Death Blade Design Blog #1
Hello reader! Welcome to the weekly Death Blade Design Blog. Every week I will write about my design decisions, how the project is going and my thought process.
About Death Blade
Death Blade is a first-person slasher game where the player controls a deadly rouge hitman tasked with slaying the evil overlord but to get to him the player must make their way up the overlords heavily guarded tower. With a super-fast dash and a laser katana, the player can quickly massacre enemies with ease. The player goes through randomly generated levels and at the end of each level, the player gets to choose one of three powerful augment that improves their base abilities or weapons.
The Vision Of Death Blade
In Death Blade its all about making the player move but more importantly making the player move forward. I want the player to be aggresive, to push and kill all enemies. In order to achive this we need to design most things to push the player forward. An example of keeping the player moving is that to recover your energy/stamina which you use for attacks and dashes you have to move/walk. There is no passive energy/stamina regeneration over time. The way the player regains health is by attacking and killing enemies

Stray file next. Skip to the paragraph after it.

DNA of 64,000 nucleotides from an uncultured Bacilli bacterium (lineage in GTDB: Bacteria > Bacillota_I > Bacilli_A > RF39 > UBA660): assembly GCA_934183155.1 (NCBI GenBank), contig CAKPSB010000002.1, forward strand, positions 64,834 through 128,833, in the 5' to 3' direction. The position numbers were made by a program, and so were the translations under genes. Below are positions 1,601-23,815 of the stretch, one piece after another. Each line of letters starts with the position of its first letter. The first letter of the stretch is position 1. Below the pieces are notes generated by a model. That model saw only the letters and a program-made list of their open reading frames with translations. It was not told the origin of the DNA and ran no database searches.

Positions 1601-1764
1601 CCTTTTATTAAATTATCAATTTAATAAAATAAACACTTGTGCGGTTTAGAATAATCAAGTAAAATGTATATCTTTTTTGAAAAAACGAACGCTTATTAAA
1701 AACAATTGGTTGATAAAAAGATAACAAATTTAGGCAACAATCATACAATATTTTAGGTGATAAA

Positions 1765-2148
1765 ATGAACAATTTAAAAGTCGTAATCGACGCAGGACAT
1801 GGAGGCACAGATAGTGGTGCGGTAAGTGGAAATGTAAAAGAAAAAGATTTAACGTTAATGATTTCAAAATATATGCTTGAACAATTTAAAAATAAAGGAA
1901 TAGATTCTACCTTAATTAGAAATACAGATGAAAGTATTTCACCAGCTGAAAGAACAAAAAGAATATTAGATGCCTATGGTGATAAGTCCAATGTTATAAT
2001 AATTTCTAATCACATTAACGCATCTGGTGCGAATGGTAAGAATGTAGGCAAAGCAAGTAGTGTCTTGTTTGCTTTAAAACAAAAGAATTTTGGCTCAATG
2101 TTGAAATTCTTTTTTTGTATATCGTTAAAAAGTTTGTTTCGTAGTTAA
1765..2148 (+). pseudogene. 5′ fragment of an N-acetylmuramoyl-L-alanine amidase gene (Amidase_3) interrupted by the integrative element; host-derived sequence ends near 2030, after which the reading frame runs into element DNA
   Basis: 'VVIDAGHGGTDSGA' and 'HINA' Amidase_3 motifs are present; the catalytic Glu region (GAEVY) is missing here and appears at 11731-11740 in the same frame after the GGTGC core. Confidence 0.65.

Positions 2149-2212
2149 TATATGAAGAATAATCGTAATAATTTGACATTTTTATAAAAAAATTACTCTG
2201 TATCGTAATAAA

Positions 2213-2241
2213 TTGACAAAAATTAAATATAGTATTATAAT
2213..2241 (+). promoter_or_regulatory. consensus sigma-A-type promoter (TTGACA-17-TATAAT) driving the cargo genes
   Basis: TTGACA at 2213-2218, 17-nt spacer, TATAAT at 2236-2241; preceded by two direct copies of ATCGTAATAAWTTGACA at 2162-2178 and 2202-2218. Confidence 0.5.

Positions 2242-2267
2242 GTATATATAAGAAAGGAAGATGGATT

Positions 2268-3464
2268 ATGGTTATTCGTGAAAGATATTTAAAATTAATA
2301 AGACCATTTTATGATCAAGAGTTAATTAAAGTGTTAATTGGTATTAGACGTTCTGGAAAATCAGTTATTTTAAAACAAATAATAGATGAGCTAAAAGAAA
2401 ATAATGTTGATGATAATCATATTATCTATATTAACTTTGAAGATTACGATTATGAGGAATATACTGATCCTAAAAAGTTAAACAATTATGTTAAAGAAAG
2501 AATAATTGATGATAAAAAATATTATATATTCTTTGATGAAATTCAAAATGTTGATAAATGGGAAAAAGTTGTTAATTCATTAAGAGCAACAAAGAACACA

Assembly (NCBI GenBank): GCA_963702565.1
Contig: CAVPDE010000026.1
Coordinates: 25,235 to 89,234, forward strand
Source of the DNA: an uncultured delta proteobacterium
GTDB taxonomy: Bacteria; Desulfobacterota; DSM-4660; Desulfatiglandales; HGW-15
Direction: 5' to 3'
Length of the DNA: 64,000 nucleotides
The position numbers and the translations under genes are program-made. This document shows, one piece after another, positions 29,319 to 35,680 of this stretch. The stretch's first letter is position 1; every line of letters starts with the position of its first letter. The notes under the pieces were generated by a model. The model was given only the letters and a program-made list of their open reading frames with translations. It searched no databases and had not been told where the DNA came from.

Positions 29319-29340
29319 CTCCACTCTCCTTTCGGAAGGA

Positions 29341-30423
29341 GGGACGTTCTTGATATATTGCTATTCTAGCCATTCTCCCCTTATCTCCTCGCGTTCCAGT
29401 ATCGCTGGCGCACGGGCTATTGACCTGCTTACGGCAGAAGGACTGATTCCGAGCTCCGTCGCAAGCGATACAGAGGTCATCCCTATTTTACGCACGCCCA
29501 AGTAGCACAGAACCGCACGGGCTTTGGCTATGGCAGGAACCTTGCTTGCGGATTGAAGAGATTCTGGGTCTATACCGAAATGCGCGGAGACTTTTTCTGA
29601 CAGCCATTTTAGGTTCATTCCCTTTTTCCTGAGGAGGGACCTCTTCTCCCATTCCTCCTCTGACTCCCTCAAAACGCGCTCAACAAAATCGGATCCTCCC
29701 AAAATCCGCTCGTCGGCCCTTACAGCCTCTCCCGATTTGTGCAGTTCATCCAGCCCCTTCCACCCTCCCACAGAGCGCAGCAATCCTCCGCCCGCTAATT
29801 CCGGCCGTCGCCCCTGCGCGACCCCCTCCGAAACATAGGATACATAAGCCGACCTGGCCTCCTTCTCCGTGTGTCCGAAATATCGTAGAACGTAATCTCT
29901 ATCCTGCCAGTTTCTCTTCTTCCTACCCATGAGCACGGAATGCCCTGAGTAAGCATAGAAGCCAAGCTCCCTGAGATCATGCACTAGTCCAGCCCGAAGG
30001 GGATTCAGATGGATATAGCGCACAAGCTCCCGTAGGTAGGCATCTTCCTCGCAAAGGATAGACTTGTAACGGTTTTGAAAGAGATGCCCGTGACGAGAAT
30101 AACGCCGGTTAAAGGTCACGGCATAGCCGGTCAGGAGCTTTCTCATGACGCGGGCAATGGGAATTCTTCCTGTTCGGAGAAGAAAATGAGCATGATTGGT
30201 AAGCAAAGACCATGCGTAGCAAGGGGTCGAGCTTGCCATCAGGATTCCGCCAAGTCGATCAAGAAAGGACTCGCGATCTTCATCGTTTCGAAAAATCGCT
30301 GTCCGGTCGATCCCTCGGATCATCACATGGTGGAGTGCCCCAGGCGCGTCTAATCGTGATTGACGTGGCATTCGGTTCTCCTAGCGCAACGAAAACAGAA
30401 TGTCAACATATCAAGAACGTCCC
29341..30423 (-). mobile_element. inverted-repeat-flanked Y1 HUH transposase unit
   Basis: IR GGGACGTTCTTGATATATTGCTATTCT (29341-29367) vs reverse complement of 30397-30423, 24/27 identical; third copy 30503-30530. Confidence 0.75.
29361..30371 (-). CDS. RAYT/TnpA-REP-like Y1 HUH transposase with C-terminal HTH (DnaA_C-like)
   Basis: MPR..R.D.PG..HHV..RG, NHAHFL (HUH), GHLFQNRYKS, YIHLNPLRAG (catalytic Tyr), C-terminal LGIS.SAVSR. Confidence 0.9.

To ensure that what other people in my team are desgining follows the vision i have written the vision of that mechanic/feature before every headline in the GDD. These mechanics/feature include things like enemies, special enemies, upgrades and level design.
So far some ideas have had to be denied/killed because they did not fit the vision but my fellow desginers seem to understand this and that the game should follow a vision.
Week one went great, everyone seemed happy to kickstart the project. I mostly defined things in the GDD and wrote the Backlog when i was working but was also in a lot of meetings. As the vision holder i needed to talk to people explaining how things were supose to be.
The first day it was all about planning. Because I was the project lead I am in charge of most planning. Me and one of my gameplay designers began our work in Hansoft our backlog app. We broke down all the things that were going to be needed for the Alpha Release.
To me at least, having a good and completed backlog is very important because everyone needs to work as effectively as possible and a way for people to work effectively is if they know what to work on and that they work on the right things.